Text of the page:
Folinic acid, therefore, allows for some purine/pyrimidine synthesis to occur in the presence of dihydrofolate reductase inhibition, so some normal DNA replication processes can proceed.

Folinic acid has dextro- and levorotary isomers. Both levoleucovorin (the levorotary isomer) and racemic folinic acid (a mixture of both isomers) have similar efficacy and tolerability.[18] Levoleucovorin was approved by the FDA in 2008.[19]


Folinic acid was discovered as a needed growth factor for the bacterium Leuconostoc citrovorum in 1948, by Sauberlich and Baumann. This resulted in it being called "citrovorum factor," meaning citrovorum growth factor. It had an unknown structure, but was found to be a derivative of folate that had to be metabolized in the liver before it could support growth of L. citrovorum. The synthesis of citrovorum factor by liver cells in culture was eventually accomplished from pteroylglutamic acid in the presence of suitable concentrations of ascorbic acid. The simultaneous addition of sodium formate to such systems resulted in increased citrovorum factor activity in the cell-free supernatants (producing, as now known, the 5-formyl derivative), and from this method of preparation of large amounts of the factor, its structure as levo-folinic acid (5-formyl tetrahydrofolic acid) was eventually deduced.[citation needed]


Folinic acid should be distinguished from folic acid (vitamin B9). However, folinic acid is a vitamer for folic acid and has the full vitamin activity of this vitamin. Levofolinic acid and its salts are the 2S- form of the molecule. They are the only forms of the molecule that are known to be biologically active.

It is generally administered as the calcium or sodium salt (calcium folinate (INN), sodium folinate, leucovorin calcium, leucovorin sodium).


  1. 1.0 1.1 1.2 1.3 1.4 1.5 British national formulary : BNF 69 (69 ed.). British Medical Association. 2015. pp. 576–577. ISBN 9780857111562.
  2. 2.0 2.1 2.2 2.3 2.4 2.5 2.6 "Leucovorin Calcium". The American Society of Health-System Pharmacists. Archived from the original on 10 May 2017. Retrieved 8 December 2016.
  3. 3.0 3.1 "WHOCC - ATC/DDD Index". Archived from the original on 15 September 2020. Retrieved 26 August 2020.
  4. "Safety Data Sheet Folinic Acid (calcium salt)" (PDF). Archived (PDF) from the original on 15 September 2020. Retrieved 25 January 2018.
  5. Munjal YP, Sharm SK (2012). API Textbook of Medicine, Ninth Edition, Two Volume Set. JP Medical Ltd. p. 1945. ISBN 9789350250747. Archived from the original on 2017-05-10.
  6. Sneader, Walter (2005). Drug Discovery: A History. John Wiley & Sons. p. 235. ISBN 9780471899792. Archived from the original on 2017-05-10.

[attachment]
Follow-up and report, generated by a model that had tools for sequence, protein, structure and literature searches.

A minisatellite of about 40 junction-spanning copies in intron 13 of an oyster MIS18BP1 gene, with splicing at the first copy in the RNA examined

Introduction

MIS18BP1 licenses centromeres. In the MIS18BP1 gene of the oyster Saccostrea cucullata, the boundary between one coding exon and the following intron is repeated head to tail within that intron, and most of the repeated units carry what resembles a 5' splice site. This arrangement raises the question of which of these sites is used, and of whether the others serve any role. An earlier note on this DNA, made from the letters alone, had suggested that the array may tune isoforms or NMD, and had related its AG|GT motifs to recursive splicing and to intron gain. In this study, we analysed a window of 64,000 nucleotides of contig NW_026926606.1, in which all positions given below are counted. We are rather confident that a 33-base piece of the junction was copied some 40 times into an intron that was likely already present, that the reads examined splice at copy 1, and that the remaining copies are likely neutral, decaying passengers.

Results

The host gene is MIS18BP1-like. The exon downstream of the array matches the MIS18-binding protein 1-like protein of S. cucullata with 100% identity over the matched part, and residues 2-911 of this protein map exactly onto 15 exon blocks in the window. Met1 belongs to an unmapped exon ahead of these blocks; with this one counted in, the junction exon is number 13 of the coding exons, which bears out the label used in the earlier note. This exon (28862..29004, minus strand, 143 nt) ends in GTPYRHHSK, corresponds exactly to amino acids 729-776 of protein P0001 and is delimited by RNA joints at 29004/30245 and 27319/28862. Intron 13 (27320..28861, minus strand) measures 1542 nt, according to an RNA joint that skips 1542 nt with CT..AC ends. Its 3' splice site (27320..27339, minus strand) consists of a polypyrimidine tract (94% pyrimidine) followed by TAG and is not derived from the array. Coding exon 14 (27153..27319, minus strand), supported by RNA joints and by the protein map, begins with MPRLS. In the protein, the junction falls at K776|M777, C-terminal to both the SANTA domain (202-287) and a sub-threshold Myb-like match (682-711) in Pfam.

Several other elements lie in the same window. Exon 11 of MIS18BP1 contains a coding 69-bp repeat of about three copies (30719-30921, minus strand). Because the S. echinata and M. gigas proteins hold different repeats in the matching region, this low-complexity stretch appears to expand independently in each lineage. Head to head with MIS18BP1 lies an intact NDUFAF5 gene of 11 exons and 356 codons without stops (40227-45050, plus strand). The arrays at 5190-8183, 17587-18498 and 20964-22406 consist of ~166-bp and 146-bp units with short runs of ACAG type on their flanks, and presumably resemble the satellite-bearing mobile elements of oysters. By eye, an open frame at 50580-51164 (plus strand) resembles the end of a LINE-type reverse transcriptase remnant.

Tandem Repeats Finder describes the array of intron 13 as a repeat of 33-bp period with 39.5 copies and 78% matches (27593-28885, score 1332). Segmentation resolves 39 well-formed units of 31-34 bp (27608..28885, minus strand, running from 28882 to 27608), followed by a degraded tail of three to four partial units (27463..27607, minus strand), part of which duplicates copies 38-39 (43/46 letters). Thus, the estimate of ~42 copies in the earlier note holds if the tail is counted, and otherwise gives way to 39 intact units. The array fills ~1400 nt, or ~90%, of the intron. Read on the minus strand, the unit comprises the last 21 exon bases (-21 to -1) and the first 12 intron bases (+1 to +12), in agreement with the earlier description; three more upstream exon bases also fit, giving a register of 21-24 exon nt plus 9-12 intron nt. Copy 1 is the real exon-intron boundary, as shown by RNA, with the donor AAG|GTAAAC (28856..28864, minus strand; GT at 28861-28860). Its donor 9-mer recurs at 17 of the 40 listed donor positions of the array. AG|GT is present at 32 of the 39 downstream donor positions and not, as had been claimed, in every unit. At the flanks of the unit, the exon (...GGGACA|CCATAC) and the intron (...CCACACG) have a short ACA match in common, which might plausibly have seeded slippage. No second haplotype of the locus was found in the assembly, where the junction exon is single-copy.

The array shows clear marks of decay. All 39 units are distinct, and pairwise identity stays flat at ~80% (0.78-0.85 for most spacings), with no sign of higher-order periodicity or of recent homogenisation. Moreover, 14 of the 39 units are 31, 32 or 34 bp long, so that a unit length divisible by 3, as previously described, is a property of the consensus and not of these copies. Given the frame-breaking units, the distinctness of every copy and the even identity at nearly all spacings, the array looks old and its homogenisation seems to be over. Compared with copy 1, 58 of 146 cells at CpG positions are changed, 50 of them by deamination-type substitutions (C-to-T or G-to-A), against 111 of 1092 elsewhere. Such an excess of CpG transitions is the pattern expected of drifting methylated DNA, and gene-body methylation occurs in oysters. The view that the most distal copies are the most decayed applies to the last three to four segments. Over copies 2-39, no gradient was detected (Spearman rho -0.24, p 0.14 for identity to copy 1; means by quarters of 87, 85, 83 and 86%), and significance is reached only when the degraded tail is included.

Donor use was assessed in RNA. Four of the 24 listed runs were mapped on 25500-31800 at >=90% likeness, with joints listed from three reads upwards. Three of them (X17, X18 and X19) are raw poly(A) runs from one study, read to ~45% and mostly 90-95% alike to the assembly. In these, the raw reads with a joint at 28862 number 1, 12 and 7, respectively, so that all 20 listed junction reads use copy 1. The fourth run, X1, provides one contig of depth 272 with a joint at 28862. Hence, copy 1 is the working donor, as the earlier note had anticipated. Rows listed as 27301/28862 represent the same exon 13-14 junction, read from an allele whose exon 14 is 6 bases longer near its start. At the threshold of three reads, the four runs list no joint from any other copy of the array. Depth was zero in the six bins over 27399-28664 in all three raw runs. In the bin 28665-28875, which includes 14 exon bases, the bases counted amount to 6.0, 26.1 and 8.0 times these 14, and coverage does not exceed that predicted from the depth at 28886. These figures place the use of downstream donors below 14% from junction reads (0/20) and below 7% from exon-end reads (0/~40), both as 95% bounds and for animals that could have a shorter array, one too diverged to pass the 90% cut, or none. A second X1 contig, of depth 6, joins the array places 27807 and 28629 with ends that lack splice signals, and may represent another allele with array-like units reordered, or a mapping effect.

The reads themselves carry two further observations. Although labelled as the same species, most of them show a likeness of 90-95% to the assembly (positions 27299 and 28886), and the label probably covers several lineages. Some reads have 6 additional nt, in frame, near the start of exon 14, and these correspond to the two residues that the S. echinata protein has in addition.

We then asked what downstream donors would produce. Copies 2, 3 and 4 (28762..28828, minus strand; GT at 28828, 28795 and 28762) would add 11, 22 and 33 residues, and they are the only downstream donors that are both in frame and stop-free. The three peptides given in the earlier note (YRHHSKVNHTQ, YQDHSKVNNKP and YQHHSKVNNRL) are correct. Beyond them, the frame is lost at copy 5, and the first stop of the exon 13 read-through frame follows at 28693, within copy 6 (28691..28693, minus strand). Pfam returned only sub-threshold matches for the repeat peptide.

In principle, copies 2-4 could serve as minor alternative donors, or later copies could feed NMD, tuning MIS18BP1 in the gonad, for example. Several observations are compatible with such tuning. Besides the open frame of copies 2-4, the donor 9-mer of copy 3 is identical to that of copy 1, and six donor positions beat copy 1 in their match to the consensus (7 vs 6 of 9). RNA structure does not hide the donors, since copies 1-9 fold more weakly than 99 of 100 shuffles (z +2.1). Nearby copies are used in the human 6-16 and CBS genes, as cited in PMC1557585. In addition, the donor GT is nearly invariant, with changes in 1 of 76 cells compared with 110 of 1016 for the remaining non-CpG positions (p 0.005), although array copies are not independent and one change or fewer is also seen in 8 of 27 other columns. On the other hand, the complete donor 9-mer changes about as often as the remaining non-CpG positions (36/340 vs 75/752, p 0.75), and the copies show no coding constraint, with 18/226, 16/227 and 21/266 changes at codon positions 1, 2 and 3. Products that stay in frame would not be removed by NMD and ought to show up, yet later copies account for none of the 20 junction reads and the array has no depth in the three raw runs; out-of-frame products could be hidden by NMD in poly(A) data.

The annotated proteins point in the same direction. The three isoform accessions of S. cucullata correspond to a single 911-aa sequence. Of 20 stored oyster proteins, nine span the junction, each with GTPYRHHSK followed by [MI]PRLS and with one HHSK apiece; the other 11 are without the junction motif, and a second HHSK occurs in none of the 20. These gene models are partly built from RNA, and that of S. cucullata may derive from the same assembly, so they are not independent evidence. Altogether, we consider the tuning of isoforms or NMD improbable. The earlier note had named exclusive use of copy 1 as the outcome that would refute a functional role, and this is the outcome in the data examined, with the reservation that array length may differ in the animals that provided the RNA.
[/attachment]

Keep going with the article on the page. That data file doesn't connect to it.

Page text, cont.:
7. World Health Organization (2019). World Health Organization model list of essential medicines: 21st list 2019. Geneva: World Health Organization. hdl:10665/325771. WHO/MVP/EMP/IAU/2019.06. License: CC BY-NC-SA 3.0 IGO.
  8. Therapeutic Information Resources Australia (2004). Calcium Folinate (Systemic) in AUSDI: Australian Drug Information for the Health Care Professional. Castle Hill: Therapeutic Information Resources Australia.[page needed]
  9. McGuire BW, Sia LL, Leese PT, Gutierrez ML, Stokstad EL (January 1988). "Pharmacokinetics of leucovorin calcium after intravenous, intramuscular, and oral administration". Clinical Pharmacy. 7 (1): 52–8. PMID 3257913.
  10. "Leucovorin" (PDF). CCO Formulary. Archived from the original (PDF) on 2008-10-10. Retrieved 2014-01-07.
  11. Shea B, Swinden MV, Tanjong Ghogomu E, Ortiz Z, Katchamart W, Rader T, et al. (May 2013). "Folic acid and folinic acid for reducing side effects in patients receiving methotrexate for rheumatoid arthritis". The Cochrane Database of Systematic Reviews. 5 (5): CD000951. doi:10.1002/14651858.CD000951.pub2. PMC 7046011. PMID 23728635.
  12. Gordon N (March 2009). "Cerebral folate deficiency". Developmental Medicine and Child Neurology. 51 (3): 180–2. doi:10.1111/j.1469-8749.2008.03185.x. PMID 19260931.
  13. "CALCIUM FOLINATE = FOLINIC acid oral - Essential drugs". Archived from the original on 28 August 2021. Retrieved 26 August 2020.
  14. Jardine LF, Ingram LC, Bleyer WA (August 1996). "Intrathecal leucovorin after intrathecal methotrexate overdose". Journal of Pediatric Hematology/Oncology. 18 (3): 302–4. doi:10.1097/00043426-199608000-00014. PMID 8689347.
  15. Trissel LA, Martinez JF, Xu QA (April 1995). "Incompatibility of fluorouracil with leucovorin calcium or levoleucovorin calcium". American Journal of Health-System Pharmacy. 52 (7): 710–5. doi:10.1093/ajhp/52.7.710. PMID 7627739.
  16. Razavi B, Lund B, Allen BL, Schlesinger L (January 2002). "Failure of trimethoprim/sulfamethoxazole prophylaxis for Pneumocystis carinii pneumonia with concurrent leucovorin use". Infection. 30 (1): 41–2. doi:10.1007/s15010-001-1172-0. PMID 11876516.
  17. Goldman ID, Matherly LH (1987). "Biochemical factors in the selectivity of leucovorin rescue: selective inhibition of leucovorin reactivation of dihydrofolate reductase and leucovorin utilization in purine and pyrimidine biosynthesis by methotrexate and dihydrofolate polyglutamates". NCI Monographs (5): 17–26. PMID 2448654.
  18. Kovoor, P. A.; Karim, S. M.; Marshall, J. L. (2009). "Is levoleucovorin an alternative to racemic leucovorin? A literature review". Clinical Colorectal Cancer. 8 (4): 200–6. doi:10.3816/CCC.2009.n.034. PMID 19822510.
  19. (2008-05-07). "FDA Approves Levoleucovorin". Archived from the original on 2009-07-02. Retrieved 2009-06-07.

External links

  • "Leucovorin". Drug Information Portal. U.S. National Library of Medicine. Archived from the original on 2020-02-03. Retrieved 2020-02-03.
  • "Leucovorin". MedlinePlus. Archived from the original on 2020-09-15. Retrieved 2020-05-19.